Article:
Female Serial Killers

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Date Submitted: 11/13/2012 01:03 PM

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Female Serial Killers

The role of women in serial murders are often overlooked and underestimated in today’s culture. Furthermore, the psychology and criminology of female offenders are a rarely studied and talked about on the news or in prestigious journals. The word serial is defined as “forming a series,” (Patterson, 1989). The word murder is defined as “killing a human being with premeditated malice,” (Patterson, 1989). So the literal meaning of serial murders is a series of killings with premeditated malice. It is through this definition that female serial murderers should be examined just as thoroughly as their male counterparts. Through definition females commit serial murders as habitually as men however, many researchers disregard the female multiple murderer for two reasons because she, to their knowledge, lacks a sexually sadistic motivation (Seagrave, 1992) and females are typically viewed as being non-violent (Kelleher, 1998).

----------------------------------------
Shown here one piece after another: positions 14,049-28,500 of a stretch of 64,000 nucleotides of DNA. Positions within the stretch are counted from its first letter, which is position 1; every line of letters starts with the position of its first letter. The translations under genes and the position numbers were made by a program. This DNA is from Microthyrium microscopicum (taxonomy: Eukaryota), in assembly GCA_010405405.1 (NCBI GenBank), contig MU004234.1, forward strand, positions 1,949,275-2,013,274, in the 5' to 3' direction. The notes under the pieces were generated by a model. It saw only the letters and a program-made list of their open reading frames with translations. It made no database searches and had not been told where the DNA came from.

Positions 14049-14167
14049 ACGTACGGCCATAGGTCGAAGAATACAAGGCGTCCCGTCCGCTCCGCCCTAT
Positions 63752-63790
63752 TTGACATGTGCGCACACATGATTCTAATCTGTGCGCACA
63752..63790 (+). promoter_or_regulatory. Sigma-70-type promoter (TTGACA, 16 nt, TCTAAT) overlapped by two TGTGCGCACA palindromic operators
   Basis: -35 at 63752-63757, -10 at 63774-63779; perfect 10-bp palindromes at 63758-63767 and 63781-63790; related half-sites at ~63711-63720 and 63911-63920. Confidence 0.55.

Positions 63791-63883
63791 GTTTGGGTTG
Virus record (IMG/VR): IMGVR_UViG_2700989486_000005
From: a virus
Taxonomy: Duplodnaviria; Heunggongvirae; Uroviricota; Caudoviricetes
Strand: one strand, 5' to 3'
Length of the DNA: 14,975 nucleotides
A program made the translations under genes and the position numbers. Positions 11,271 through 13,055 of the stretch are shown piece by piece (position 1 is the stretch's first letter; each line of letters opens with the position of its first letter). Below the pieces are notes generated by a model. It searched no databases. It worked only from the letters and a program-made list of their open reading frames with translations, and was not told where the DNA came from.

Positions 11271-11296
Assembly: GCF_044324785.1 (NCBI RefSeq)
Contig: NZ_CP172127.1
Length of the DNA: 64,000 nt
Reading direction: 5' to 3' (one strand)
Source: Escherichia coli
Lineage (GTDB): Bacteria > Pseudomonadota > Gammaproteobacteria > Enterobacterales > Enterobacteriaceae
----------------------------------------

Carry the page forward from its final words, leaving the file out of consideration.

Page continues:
Female and male serial killers commit their crimes in vastly different ways and it would seem for different reasons. Most male serial killers have a brutal sexual motivation behind their killings. They are also more violent and less precise when committing their crimes. Through extensive research into the criminal mind of male serial killers it has been established that male offenders enjoy a rich and perverse fantasy life (Hazelwood & Douglas, 1980; Holmes, 1998; Prentky et. al., 1989; Ressler et. al., 1988). In their fantasies they are powerful. Through violence and domination they rule over the weak and humiliate their victims. The male serial killer usually fantasizes this way because in real life he feels powerless. Through torturing and hurting his victims, he feels better. (Hickey, 1997). The fantasies of the male offender are incredibly vivid. Research has shown that the more vivid the fantasy, the more heightened the sexual response is for the individual (Smith & Over, 1987).